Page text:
Stratasys’ vice-president aerospace, Scott Sevcik looks at the evolution of 3D printing/additive manufacturing (AM) within aerospace, how it continues to drive efficiencies throughout the value chain and the production challenges ahead.
The aerospace sector has always been an early adopter of new technologies, on a continued quest to reduce both aircraft weight and costs. The embrace of 3D printing/additive manufacturing (AM) is testament to that – especially within the supply chain and after-market.
The industry has come a long way since the early nineties where OEMs initially started exploring the viability of 3D printed prototype parts within the aircraft design process. Thanks to significant technological progress – most notably advances in material development – the applications gamut for AM within aerospace quickly expanded. OEMs, now enlightened by the production agility and efficiencies that can be unlocked with AM, soon progressed to using the technology for various jigs & fixture applications to meet tooling needs.
Such is the now commonplace existence of these applications within our sector that they are today almost taken for granted. Instead, a larger and ongoing focus over the last five or six years has centred on the growing use of AM to produce flight parts for production. This is evidenced by Airbus’ recent contract extension with Stratasys. Having successfully deployed 3D printed parts within its A350 aircraft for several years, Airbus is now expanding the adoption of AM across the company’s entire aircraft portfolio for the creation of spare parts for its MRO operations.
Breaking down this flight part category, we continue to see OEMs select AM for a growing variety of cabin interior applications, but more recently we have worked with leading players to develop materials that can also extend to flight parts beyond the cabin. A good example is Boeing, which recently qualified our Antero FDM material for this requirement. With high chemical resistance and fatigue performance, this particular material can withstand exposure to hydraulic fluids and fuels, ensuring its suitability for a plethora of parts throughout the aircraft.
For me, this encapsulates the way in which OEMs and 3D printing companies like ourselves need to work together in order to further expand the application potential of AM.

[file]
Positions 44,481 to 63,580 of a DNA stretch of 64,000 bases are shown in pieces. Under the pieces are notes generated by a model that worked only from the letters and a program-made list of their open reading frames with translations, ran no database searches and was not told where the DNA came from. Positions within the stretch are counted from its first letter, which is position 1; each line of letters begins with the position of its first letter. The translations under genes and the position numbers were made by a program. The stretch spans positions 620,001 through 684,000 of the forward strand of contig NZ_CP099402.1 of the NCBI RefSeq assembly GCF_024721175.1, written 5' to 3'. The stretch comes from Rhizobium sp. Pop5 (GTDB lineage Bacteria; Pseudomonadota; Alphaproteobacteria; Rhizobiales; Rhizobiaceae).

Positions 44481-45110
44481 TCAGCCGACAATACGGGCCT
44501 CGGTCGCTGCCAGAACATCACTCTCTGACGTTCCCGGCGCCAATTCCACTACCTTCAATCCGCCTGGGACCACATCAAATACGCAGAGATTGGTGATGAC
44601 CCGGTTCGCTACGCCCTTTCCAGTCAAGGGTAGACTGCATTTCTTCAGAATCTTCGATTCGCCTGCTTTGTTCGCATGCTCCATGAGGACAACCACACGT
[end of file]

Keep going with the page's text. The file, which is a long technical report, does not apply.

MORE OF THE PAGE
Regardless of the challenge, the objective for most customers is to use AM to 3D print parts that reduce both weight and costs, and there are several ways in which the technology delivers in this regard.
First, using high-performance thermoplastics to replace metal parts can significantly reduce weight. Additional lightweighting can also be achieved during the design of the part. Building additively layer by layer enables the production of complex geometries such as hollow cell structures not achievable with traditional methods. We are seeing customers often leverage this geometric freedom to consolidate a number of components into a single part, versus traditional methods that necessitate individual assembly of multiple pieces and require more labour. Fundamentally, all of these weight savings mean less fuel use, or less required battery mass for new electric aircraft – highlighting how AM can directly affect the economics of flight.
We are seeing multiple new platforms in development, creating new markets such as Urban Air Mobility or Electric Vertical Take-off and Landing (eVTOL), and the relaunch of supersonic transport. Because certain AM technologies have matured, these new platforms have the opportunity to take advantage of AM in the design and development stage to an extent that simply wasn’t possible in the previous generation. We notice this particularly in the development of Boom Supersonic’s aircraft as they have been very open in sharing details on how they are building the next generation of supersonic passenger vehicles. The XB-1 demonstrator aircraft carries hundreds of FDM printed parts.